A ‘Debt’ worth paying for

A ‘Debt’ worth paying for

Eric Goldman writes and teaches about Jewish cinema. He is president of Ergo Media, a distributor of Jewish, Yiddish and Israeli film.

Jessica Chastain, as Mossad agent Rachel Singer, in a scene from “The Debt.” Sam Worthington co-stars. Photos by Lauri Sparham

For a long time, spy films typically were not part of the Israeli cinema repertoire. Israelis, it seems, avoided films with intelligence themes, perhaps because putting them on the big screen made Israelis somewhat uncomfortable.

American and European moviemakers have had fewer reservations; for them, the Israeli spy thriller is an attractive one. Over the last 30 years, they have given us a John le Carré adaptation (“Little Drummer Girl,” 1984); the story of Israeli spy Elie Cohen, who reached the highest levels of influence in Syria (“The Impossible Spy,” 1987); and Steven Spielberg’s story of those who avenged the Munich Olympic Massacre (“Munich,” 2005), to cite just a few. All of these films tackled the deep divisions between Israelis and Arabs, and the attempt by Israel to assassinate or spy on some “bad” Arabs of importance.

This reluctance in Israel began to change, however, with the appearance of a new “bad guy on the block,” one more easily identifiable with evil-the Nazi. So it is with “The Debt,” a film that opened this week in theaters across the country.

“The Debt” is a part of this somewhat unusual transition, in which Israeli filmmakers take a critical look at their country’s spy service, just as they had done for decades by producing introspective films scrutinizing the military.

In 2004, Eytan Fox, in his film “Walk on Water,” provided a piercing portrait of a Mossad agent who had gone on endless assassination missions. He is sent to seek out and kill a former high-ranking Nazi officer, but his years in the field have worn him down. For him, the glamour is gone. When he finds a weak and sick old man with little time to live, he questions not only the overall purpose of his mission, but his own reasons for doing it. Steven Spielberg revisited the issue the following year with Eric Bana’s Avner character in “Munich.”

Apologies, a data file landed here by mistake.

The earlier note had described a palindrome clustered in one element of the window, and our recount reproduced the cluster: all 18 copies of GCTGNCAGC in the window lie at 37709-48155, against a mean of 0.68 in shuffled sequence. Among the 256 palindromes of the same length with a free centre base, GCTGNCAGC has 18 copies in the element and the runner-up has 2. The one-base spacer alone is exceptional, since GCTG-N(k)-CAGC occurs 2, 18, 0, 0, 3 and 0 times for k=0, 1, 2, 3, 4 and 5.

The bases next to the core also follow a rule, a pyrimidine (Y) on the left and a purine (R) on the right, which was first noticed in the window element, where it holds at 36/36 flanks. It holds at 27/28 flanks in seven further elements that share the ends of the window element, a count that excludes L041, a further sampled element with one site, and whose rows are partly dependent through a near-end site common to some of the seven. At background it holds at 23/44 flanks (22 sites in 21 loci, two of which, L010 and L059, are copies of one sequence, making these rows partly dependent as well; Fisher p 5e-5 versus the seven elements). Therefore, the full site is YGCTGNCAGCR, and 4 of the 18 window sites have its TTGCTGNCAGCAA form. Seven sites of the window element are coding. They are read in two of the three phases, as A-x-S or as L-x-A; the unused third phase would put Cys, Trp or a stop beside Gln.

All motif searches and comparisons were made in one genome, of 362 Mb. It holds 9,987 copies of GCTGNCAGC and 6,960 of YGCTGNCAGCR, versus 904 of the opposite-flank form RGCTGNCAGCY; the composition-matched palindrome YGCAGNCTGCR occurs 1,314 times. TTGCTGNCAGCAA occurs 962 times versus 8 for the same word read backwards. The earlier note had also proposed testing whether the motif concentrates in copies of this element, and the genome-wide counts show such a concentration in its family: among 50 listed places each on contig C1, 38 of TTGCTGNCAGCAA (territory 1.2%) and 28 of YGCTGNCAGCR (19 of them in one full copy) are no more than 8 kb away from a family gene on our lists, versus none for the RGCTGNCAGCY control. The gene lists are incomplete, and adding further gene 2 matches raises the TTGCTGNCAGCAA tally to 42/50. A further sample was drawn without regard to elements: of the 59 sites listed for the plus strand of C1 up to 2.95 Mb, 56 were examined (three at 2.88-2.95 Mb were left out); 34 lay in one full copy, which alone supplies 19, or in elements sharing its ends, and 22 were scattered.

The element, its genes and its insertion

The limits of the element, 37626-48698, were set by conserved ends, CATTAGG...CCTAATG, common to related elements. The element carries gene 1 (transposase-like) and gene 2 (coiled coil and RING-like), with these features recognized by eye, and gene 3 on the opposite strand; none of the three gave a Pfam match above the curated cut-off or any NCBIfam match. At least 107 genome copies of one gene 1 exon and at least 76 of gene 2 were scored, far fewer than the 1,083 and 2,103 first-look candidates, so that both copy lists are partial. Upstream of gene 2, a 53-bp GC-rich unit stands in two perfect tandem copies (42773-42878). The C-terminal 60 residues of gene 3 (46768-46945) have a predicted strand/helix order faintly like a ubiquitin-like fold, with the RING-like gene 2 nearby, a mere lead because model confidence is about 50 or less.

Enter producer Eitan Even. Over the course of a 30-year career, he has given us some excellent films – including “The Summer of Aviya” and “Bonjour Monsieur Shlomi.” Four years ago, he released HaHov (“The Debt”). In the thriller, the lead character Rachel is a former spy who has become an icon in Israel for having eliminated “The Butcher of Treblinka.” There is more to her story, however, as becomes obvious as the plot unfolds.

The underlying essence of Even’s film is a hard look at the “warrior” class in Israel and an examination of what happens when these soldiers return home and are integrated into society. Exactly what does a society expect of people who go to war and what happens after they return home? This question is an important element in Japanese cinema and became an entire film genre in the United States, especially after the Vietnam War. In Israel, a country in which former war heroes and generals ascend the ladder of politics and industry to take the helm of the country, filmmakers long have struggled with this issue. Now, perhaps to more easily add a female element to the mix, the new warrior doing the important work of the state is a member of Mossad, Israel’s spy agency.

Even’s film, directed by Assaf Bernstein and written by Bernstein with Ido Rosenblum, drew little attention in Israeli theaters. Despite some critical acclaim and a fine performance by Gila Almagor, Israel’s leading actress, the film quickly disappeared onto DVD.

Even, however, saw the strides being made by Israeli producers in getting their work picked up for American and British audiences – most notably “B’Tipul” (“In Treatment”), which HBO adapted. So he took the story to England and arranged for a remake of the film, but for an English-speaking audience. He stayed on as a producer in the remake of “The Debt,” which stars Helen Mirren, Sam Worthington, Jessica Chastain, and Tom Wilkinson in the lead roles. It is the kind of thriller that is framed by fine performances and a fair amount of action to hold a viewer’s attention, from beginning to end.

On one level, this is just another spy thriller, set largely in 1990s Israel and 1960s East Berlin, when Cold War tensions provided the kind of intrigue that can captivate just about any audience. The fact that the bad guy-a doctor who conducted experiments in the Nazi death camps, known in this version as “The Butcher of Birkenau”-is to be spirited away to Israel to stand trial seems plausible and acceptable to just about any audience. It is then, however, that the Jewish question of what constitutes justice enters the debate. In the end, these three young agents fake an assassination of the victim and abort their mission, putting themselves at great risk. An important side issue also dealt with in the film is how Israeli society rewards machismo and faults weakness and inefficiency. I found this to be a particularly interesting subplot in the film.

As with any thriller, providing too much of the story in advance spoils the unfolding of the plot that this film does quite well. So, be careful what you read, because there is always the temptation for a reviewer to tell it all! John Madden (“Shakespeare in Love”) does a credible job directing, with a screenplay written by Matthew Vaughn, Jane Goldman, and Peter Straughan. The crisp music by Thomas Newman (son of Hollywood music great Alfred Newman) is worthy.

Watching Helen Mirren do her magic on the screen is always a delight and almost as impressive is Jessica Chastain as the young Rachel.

This is certainly a film to see.

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